• Stephen Eskeland
  • Farshad Ettefagh
  • Alireza Khansari
 

Sedation Dentistry

At its most superficial level, Sedation Dentistry uses nitrous oxide (laughing gas). Then there are two additional levels. The first one is called oral conscious sedation. It utilizes a medication called Triazolam. It is a small blue pill taken about 1 hour before your visit.

This tablet has been prescribed over 10 million times per year, by physicians, for patient's use at home. The drug has almost no side effects or interaction with other medicines you may currently be taking. Sedation dentistry allows you to be sedated just enough to be unaware of the treatment, as if you were relaxing. It's called "sleep dentistry" and it may well be one of the best advances ever made towards truly pain-free, anxiety-free procedures.

After an initial consultation with a dentist you'll take the medication just before your visit. You'll need a friend to help transport you to and from the office safely. When you arrive for your appointment you'll be awake, but drowsy. Most important, you'll be relaxed and anxiety free. While you're in the chair, the dentist and sleep dentistry team monitors you closely. You won't be unconscious, you'll just enjoy a soothing mental and emotional "distance" from the dental activities.

Next thing you'll know, your sedation dentist is telling you the procedure is complete and it is time to go home. So if you have sensitive teeth, a fear of dentists, have a bad gag reflex, hate needles, or have limited time to spend on dental care at the dentist, sleep sedation dentistry procedures can help you. With sedation, Regents Dental Group can restore sore gums to good dental health, fix a chipped tooth, replace crowns or dentures, whiten yellow or stained teeth, and more.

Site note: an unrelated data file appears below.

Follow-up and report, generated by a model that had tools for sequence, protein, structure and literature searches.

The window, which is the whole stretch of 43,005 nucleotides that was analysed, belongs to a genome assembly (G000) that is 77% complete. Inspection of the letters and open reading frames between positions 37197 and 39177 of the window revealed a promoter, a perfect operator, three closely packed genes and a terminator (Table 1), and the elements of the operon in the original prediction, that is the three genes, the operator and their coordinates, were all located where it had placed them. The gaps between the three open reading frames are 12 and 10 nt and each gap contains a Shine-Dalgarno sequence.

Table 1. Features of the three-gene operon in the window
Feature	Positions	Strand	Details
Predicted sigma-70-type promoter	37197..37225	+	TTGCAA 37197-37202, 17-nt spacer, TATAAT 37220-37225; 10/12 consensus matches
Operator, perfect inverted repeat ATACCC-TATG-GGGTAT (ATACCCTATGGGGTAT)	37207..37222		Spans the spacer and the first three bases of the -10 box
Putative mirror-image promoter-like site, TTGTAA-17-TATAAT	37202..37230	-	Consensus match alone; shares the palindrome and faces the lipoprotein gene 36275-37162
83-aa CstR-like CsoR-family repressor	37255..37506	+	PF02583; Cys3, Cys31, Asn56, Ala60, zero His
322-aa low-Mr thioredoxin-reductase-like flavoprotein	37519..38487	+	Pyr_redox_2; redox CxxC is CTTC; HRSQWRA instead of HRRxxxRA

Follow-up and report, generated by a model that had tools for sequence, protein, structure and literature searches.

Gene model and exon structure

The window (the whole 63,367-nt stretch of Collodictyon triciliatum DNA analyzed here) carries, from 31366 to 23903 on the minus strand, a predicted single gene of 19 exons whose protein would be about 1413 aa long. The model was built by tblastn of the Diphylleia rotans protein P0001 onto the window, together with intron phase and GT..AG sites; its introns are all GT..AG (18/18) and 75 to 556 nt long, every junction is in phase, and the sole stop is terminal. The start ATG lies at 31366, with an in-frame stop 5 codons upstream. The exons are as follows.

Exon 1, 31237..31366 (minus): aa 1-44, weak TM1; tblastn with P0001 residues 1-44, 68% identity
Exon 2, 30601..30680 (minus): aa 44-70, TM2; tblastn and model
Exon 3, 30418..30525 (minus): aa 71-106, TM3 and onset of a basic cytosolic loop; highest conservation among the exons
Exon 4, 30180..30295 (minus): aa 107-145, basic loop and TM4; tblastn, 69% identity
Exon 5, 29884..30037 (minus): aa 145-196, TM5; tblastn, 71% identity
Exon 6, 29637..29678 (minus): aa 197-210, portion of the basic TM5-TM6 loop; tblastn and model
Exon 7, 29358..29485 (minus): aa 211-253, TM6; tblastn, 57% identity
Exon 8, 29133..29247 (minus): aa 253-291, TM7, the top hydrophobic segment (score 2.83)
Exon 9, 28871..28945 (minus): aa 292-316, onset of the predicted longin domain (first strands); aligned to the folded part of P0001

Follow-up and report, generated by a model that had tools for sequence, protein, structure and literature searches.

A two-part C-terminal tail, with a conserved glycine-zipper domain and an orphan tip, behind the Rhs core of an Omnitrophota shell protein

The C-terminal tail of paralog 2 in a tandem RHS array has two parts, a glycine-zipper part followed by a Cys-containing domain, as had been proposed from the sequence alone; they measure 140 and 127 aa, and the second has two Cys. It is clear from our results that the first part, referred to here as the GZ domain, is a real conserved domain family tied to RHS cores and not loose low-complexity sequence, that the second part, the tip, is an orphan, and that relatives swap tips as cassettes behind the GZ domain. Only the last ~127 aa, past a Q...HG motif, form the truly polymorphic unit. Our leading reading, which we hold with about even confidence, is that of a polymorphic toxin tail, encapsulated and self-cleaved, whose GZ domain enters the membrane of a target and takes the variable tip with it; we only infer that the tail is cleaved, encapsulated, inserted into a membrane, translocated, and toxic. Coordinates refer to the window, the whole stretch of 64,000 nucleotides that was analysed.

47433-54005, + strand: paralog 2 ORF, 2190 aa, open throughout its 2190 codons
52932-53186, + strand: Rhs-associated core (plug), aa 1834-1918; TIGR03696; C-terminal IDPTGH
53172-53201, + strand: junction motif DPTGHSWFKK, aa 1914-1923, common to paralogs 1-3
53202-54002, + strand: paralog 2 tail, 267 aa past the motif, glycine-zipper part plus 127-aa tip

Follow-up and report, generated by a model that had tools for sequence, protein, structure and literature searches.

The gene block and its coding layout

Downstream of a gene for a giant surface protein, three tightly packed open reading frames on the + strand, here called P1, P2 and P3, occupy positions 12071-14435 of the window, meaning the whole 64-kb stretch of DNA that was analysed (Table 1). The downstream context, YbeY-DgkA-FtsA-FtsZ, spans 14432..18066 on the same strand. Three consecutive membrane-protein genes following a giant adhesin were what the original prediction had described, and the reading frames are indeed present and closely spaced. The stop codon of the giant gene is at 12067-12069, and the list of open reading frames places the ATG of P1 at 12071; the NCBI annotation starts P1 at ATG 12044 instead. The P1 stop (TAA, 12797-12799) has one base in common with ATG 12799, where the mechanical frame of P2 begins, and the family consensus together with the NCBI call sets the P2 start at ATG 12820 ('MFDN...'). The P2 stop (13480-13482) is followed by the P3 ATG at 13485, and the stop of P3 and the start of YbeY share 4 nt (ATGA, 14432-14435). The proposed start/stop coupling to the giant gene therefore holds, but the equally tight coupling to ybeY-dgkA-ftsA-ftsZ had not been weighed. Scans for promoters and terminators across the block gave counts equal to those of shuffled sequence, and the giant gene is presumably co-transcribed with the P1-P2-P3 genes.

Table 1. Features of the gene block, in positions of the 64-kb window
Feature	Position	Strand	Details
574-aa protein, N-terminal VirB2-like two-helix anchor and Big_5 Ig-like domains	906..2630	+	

The second level, which takes you to a deeper level of sedation is called IV (Intravenous) conscious sedation. It allows patients to interact with the dentist in a sleep-like state where they feel no pain and lose subsequent conscious memory of the procedure.

During IV sedation, the dentist uses a combination of anti-anxiety drugs to place the patient in a deeply relaxed state of consicousness that allows the patient some limited interaction with the dentist but inhibits sensation. The dentist delivers the IV Sedation medication through a very small and thin needle wrapped in a soft plastic tube that goes into a vein in either the arm or the back of the hand. After insertion, the needle is removed and the plastic tube remains, allowing the drugs to access the bloodstream. During this time the dentist talks to the patient to determine the appropriate sedation level. Patients often report being in a fog-like state where they feel nothing and forget details of the procedure.

Most drugs used by dentists for IV Sedation fall into the anti-anxiety category - the most common being Benzodiazepine ("benzo"), Midazolam, and Diazepam.  The majority of dental professionals prefer Midazolam for IV Sedation because it purges itself from the system more rapidly than other drugs.  Some dentists also use Valium, but it remains in the system longer and can produce a burning sensation when first entering the veins. For sensitive patients, some dentists will mix a local anesthetic with a Diazepam IV emulsion that the drug manufacturer claims makes IV Sedation easier on vein tissue. Diazepam enters the bloodstream at 1mg per minute, while Midazolam enters the bloodstream at 1mg every two minutes due to its additional strength. Each patient is different, so the dentist carefully considers which drug is the best choice in each individual case of IV Sedation. Additionally, the dentist will monitor both patient response to the drug and vital life signs. Once the patient reaches the correct level of sedation, the drug is turned off, but the Venflon remains in place so that if necessary, the dentist can administer additional amounts. In the unlikely event of a rare emergency, the dentist an also use the Venflon to treat the patient with an appropriate counteragent.

Also General Anesthesia is offered with the help of one of three anesthesiologists who regularly visit our office.

 
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